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Postseason Awards and the Dallas Mavericks: All-Defensive Team

Dorian Finney-Smith’s candidacy for the All-Defensive team

NBA: Dallas Mavericks at Miami Heat Sam Navarro-USA TODAY Sports

The time has come for NBA teams to campaign for their players to win various post season awards. The Mavericks have begun pushing for Dorian Finney-Smith to make an NBA All-Defensive team.

Dallas is fifth in the NBA in defensive rating, which is the amount of points allowed per 100 possessions, at 107.5. They are second in pure opponents points per game at 103.3. Those team numbers certainly support placing a player on the All-Defensive team. Maxi Kleber would likely receive some support as being the Maverick most deserving of an All-Defensive team but he has played around half as many minutes as Finney-Smith.

Finney-Smith has played the most minutes of any player on the Mavericks at 1906. He leads the team in steals with 70 and is third in blocks with 29. Unfortunately neither of these numbers is all that impressive in a league-wide context. His 70 steals are tied for 19th in the league and his 29 blocks are tied for 81st in the league. Steals and blocks can be an indicator of defensive excellence but they are not always required for elite defense.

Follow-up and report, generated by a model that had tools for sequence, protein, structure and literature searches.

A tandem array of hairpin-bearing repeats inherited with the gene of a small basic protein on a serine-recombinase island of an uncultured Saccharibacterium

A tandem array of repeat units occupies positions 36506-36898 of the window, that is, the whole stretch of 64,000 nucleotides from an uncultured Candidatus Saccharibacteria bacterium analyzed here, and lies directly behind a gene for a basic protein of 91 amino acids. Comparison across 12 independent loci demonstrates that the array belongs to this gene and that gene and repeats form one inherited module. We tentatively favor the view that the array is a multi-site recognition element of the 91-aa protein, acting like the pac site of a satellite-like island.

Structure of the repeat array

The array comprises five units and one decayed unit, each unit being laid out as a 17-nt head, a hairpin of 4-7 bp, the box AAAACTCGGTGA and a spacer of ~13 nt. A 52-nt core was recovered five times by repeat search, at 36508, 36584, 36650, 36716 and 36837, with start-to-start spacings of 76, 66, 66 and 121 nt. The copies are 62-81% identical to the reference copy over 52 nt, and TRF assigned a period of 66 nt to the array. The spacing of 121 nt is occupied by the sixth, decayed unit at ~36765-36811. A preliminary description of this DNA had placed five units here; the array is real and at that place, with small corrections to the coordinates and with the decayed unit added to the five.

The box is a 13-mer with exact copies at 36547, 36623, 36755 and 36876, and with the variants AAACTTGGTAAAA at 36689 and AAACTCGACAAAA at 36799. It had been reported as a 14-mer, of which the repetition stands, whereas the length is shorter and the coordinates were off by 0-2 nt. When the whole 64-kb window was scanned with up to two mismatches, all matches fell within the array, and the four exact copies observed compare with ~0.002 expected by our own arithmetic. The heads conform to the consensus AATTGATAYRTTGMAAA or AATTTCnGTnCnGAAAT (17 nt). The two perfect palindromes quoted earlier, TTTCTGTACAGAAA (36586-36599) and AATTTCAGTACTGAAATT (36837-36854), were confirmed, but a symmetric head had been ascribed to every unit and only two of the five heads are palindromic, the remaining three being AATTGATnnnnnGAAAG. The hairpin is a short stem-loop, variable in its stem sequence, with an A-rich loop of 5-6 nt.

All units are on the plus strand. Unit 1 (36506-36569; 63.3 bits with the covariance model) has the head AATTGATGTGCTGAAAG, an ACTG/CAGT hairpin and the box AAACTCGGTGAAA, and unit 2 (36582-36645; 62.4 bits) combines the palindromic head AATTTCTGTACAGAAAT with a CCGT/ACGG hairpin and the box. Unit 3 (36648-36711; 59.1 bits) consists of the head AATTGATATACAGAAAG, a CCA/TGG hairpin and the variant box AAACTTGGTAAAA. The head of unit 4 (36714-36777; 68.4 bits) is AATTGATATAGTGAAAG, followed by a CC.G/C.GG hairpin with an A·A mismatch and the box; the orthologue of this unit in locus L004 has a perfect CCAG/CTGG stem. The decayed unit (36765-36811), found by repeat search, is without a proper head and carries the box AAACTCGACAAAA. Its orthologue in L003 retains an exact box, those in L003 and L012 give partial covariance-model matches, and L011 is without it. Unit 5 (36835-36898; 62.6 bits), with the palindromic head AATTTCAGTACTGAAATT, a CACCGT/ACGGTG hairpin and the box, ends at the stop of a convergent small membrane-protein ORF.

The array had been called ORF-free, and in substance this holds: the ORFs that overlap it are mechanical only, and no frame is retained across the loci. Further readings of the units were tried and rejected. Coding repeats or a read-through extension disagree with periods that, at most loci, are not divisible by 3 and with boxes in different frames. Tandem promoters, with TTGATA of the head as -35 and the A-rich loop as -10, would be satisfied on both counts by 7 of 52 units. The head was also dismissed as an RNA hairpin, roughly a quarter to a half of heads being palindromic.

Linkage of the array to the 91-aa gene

Finney-Smith is 44th in the NBA in deflections per game, basically tied with among others, Luka Doncic. This is a solid number, reflective of a long defender who plays hard but does not take unnecessary chances. Finney-Smith also has a slightly negative defensive field goal percentage which means he causes his opponents to shoot worse than league average despite often guarding the best player on the opposing team regardless of position.

The most important thing regarding the All-Defensive team is to remember that there are only 10 spots total and only four for forwards. There is no third team. That means that Finney-Smith’s performance cannot be viewed in a vacuum but rather must be viewed in a league wide context.

The next most important thing to remember is that it is harder to make an All-Defensive team if a player has never made one. All-Defensive teams are largely based on reputation still and while Finney-Smith has a good defensive reputation, he is not quite up to the level it may need to be to win this award. In this case, three former players on the teams (Ben Simmons, Draymond Green, and Kawhi Leonard) are not eligible due to either injury or lack of playing time. This opens up three spots without anyone getting snubbed.